As many of you know, when I went to pick up Willie after his surgery, he walked past me, greeted 4 other people, and would not make eye contact with me. This continued for 2 days after his surgery. It did not appear to be a consequence of the anesthetic or pain, in that although he was clearly a bit dopey, he enthusiastically greeted everyone else. The morning after surgery, as I sat beside him on the living room floor, he refused to lie down next to me, turned his tail to my face and lay looking longingly up the stairs toward my friend Meg. This continued, full throttle, for two days. Gradually he warmed up to me, and I’d say we are now back into the relationship we used to have. He loves me, I love him, and he loves everyone else just about as much. I say this because he greets me enthusiastically, snuggles against me when we lie down together, and does his charming little moan’y thing when he lays his head against my cheek. But I find myself fascinated by his reaction when I picked him up from surgery, and it has me thinking about what goes on in the mind of a dog.
There are two (at least) obvious explanations for his behavior:
1) He was able to instantly pick up on my anxiety about how he had done through the surgery, about the poor diagnosis and how his recovery would go. Thus, he sensed my anxiety, and consciously or not, he avoided me to avoid it.
2) He consciously “blamed” me for what happened to him.
The second explanation feels the most “anthropomorphic” and perhaps the one that might be immediately dismissed. I was betting on #1 at first, but as the days went on I began to change my mind. First off, he would have had to have sensed my internal state without any visual cues, since he never looked anywhere near my direction. Rather, he appeared to choose to avoid looking at me as he entered the room. However, surely he could have used other sensory information … chemical cues being the obvious ones, given the ability of a dog’s nose. I should add here that although I was indeed more concerned about his recovery and care than anyone else in the room, it is not as though I was agitated about it. I expect I was in about the same state that most owners would be in when picking up their dog from major surgery. I don’t think my behavior was especially “nervous” but that doesn’t mean that my scent didn’t change because of an internal state. So, I’d say we can’t dismiss that he avoided me because he sensed some internal anxiety on my part and it made him nervous, but neither can we presume that this was the case.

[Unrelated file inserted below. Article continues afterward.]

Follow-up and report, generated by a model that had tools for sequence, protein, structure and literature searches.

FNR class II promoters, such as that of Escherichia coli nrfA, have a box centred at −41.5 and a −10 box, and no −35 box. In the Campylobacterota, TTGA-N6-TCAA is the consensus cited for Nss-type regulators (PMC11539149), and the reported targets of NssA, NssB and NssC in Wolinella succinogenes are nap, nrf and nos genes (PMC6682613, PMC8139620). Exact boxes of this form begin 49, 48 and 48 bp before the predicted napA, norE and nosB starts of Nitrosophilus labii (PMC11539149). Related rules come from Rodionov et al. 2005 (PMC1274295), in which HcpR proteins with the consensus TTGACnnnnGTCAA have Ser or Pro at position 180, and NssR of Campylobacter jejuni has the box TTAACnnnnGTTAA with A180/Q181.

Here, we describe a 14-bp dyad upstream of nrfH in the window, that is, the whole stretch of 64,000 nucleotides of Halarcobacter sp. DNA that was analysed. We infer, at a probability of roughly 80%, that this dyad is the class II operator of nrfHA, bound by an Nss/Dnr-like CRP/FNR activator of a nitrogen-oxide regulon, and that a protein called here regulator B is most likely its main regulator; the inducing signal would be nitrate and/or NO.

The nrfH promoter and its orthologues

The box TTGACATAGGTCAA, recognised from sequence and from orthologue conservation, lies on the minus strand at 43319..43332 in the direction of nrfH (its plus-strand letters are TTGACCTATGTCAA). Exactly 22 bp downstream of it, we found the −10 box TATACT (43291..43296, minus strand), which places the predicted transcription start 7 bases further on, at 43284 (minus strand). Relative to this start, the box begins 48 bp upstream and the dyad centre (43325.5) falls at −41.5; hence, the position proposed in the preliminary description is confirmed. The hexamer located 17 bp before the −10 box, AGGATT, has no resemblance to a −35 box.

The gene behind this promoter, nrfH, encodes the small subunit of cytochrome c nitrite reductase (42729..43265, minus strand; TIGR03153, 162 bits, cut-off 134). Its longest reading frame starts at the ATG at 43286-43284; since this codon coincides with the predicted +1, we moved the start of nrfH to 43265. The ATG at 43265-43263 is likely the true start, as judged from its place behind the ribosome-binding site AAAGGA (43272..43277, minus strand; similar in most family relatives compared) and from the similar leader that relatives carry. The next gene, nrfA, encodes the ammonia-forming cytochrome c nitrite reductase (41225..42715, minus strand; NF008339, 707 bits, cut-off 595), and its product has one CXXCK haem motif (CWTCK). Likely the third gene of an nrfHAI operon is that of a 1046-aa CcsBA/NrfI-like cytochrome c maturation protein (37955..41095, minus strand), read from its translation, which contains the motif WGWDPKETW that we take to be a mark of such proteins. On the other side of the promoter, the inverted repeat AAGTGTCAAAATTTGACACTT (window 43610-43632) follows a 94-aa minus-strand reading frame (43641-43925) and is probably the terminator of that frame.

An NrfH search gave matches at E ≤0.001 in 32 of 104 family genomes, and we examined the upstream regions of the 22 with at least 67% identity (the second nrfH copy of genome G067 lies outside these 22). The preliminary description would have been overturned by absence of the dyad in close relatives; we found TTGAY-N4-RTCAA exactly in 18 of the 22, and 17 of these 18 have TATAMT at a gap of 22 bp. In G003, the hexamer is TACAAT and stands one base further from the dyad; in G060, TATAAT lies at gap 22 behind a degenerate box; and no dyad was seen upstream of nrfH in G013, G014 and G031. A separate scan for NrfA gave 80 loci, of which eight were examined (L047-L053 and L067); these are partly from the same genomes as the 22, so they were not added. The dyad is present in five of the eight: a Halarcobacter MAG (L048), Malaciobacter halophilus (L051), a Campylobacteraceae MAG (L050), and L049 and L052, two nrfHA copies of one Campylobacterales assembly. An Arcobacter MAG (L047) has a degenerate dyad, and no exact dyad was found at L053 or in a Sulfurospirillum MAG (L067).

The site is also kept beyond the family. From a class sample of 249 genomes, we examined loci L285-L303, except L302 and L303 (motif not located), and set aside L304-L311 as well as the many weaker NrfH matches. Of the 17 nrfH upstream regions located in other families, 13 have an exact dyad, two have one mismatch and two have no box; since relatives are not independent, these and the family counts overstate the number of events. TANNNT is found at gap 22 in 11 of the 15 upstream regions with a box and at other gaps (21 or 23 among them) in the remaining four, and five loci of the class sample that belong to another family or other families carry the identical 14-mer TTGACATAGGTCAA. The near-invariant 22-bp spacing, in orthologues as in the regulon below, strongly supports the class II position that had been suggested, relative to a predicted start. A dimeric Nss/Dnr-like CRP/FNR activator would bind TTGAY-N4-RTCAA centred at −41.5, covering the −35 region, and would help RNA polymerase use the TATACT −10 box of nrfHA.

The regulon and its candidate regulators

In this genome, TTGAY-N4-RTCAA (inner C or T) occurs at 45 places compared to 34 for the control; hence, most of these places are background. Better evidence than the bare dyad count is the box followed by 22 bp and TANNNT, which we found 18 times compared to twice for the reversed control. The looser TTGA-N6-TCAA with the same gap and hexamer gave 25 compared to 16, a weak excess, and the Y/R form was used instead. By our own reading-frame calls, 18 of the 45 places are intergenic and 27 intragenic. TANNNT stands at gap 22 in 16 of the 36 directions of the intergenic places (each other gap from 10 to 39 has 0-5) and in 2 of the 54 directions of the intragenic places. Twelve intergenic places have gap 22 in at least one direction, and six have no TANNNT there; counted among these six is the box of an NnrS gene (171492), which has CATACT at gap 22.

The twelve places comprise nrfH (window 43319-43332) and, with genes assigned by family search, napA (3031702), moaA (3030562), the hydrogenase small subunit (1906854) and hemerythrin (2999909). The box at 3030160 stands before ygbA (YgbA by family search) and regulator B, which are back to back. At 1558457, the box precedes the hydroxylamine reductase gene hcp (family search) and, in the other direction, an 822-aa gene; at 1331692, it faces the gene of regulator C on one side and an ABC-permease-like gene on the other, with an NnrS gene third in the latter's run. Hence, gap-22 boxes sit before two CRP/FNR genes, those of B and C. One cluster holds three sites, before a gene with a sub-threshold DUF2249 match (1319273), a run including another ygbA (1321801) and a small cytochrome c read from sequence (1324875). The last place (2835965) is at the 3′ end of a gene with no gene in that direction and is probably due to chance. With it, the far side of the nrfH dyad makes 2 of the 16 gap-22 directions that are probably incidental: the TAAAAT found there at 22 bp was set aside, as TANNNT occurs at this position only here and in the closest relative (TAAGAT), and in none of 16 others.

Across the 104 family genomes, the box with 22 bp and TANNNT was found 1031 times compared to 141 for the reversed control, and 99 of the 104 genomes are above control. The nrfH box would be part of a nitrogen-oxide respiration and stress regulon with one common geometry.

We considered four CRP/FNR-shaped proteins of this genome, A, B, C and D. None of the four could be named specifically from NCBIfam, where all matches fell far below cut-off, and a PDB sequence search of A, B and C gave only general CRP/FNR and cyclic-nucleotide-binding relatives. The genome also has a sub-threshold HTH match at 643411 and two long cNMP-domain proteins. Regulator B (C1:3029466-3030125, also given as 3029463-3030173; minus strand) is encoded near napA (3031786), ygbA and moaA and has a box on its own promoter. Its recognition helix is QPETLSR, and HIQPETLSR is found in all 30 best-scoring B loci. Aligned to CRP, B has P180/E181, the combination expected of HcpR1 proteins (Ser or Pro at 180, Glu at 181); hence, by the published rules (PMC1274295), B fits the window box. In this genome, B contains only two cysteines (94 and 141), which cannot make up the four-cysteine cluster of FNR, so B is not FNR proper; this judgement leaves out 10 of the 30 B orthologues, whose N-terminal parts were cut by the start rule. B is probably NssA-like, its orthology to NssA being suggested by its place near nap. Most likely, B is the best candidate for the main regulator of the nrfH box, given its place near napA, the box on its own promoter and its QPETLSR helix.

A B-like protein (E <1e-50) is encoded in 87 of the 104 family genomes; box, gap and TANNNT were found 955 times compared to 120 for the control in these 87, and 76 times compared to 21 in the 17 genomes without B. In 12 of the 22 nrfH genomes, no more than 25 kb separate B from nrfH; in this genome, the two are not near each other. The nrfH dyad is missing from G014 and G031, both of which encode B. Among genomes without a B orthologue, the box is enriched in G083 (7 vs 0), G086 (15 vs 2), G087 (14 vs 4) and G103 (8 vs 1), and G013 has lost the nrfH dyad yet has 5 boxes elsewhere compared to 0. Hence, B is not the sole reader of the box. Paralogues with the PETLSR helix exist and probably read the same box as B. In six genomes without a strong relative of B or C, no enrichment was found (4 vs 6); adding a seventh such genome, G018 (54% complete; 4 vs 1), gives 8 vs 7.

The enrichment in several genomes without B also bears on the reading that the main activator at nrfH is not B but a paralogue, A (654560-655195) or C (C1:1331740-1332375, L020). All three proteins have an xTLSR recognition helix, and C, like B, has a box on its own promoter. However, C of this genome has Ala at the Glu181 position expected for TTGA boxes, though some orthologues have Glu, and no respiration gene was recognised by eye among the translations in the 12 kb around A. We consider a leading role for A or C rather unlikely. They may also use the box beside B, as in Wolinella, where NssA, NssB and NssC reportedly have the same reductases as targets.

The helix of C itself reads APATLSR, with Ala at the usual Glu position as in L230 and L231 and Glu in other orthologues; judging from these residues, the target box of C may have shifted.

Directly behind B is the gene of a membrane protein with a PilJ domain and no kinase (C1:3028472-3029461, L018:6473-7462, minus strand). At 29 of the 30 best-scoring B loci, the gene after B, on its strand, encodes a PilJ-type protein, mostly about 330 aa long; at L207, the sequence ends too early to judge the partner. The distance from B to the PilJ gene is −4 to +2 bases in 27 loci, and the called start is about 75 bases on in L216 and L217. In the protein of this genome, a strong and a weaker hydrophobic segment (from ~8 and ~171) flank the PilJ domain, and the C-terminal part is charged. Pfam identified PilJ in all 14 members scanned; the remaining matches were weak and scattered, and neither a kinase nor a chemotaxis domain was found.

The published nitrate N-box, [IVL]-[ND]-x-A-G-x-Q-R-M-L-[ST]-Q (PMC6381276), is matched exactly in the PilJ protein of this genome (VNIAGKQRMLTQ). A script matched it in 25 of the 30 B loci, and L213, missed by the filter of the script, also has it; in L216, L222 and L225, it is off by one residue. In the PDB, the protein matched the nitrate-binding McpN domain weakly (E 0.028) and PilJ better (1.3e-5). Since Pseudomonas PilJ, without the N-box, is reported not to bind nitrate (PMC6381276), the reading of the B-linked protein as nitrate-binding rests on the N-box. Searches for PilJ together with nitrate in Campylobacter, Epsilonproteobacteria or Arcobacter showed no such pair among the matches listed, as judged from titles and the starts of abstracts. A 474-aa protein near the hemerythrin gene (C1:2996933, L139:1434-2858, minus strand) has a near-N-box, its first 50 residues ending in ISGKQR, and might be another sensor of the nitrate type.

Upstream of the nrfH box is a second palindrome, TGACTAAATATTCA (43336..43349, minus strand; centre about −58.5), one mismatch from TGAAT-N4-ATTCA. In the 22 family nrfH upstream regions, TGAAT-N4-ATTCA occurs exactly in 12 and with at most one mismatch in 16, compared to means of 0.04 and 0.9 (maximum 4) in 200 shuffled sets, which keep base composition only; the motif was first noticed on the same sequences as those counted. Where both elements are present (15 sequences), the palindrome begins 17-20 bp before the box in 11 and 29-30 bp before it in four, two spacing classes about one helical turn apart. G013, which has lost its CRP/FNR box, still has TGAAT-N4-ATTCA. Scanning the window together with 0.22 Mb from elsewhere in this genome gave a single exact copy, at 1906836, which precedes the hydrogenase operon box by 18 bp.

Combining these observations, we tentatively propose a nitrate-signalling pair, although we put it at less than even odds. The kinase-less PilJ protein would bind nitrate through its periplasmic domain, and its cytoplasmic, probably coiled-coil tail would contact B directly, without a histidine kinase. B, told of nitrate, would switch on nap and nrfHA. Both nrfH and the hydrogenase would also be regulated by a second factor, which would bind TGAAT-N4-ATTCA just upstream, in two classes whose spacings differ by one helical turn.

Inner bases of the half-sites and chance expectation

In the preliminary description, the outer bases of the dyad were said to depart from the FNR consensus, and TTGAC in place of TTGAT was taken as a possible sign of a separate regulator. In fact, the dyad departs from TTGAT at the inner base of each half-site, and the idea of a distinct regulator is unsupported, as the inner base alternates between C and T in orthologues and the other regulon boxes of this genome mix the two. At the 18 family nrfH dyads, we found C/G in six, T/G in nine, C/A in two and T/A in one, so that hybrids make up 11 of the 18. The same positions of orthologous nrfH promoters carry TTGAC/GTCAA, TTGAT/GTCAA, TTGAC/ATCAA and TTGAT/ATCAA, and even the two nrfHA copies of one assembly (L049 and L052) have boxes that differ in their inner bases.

But by the next day I can imagine no sensory-related reason why he would continue to shun me, and make no mistake about it, behaviorally it was the exact equivalent of shunning. He simply refused to greet me, acknowledge me or make eye contact with me in anyway. He would take a piece of food from me, but without enthusiasm. The word “grudingly” comes to mind. All of his behavior fit what would be a “cognitive” explanation, in that he was “blaming” me for what happened to him. He behaved normally to everyone else, but behaved as though I was not in the room. It might be relevant (might not?) that I am his primary caretaker, I am the one who has taken him to all his vet appointments, restricted him to leash-only activity 4 other times in his life, and the one who took him in to the vet school, talked with numerous people about the diagnosis and surgery and eventually the one who handed him off for the procedure.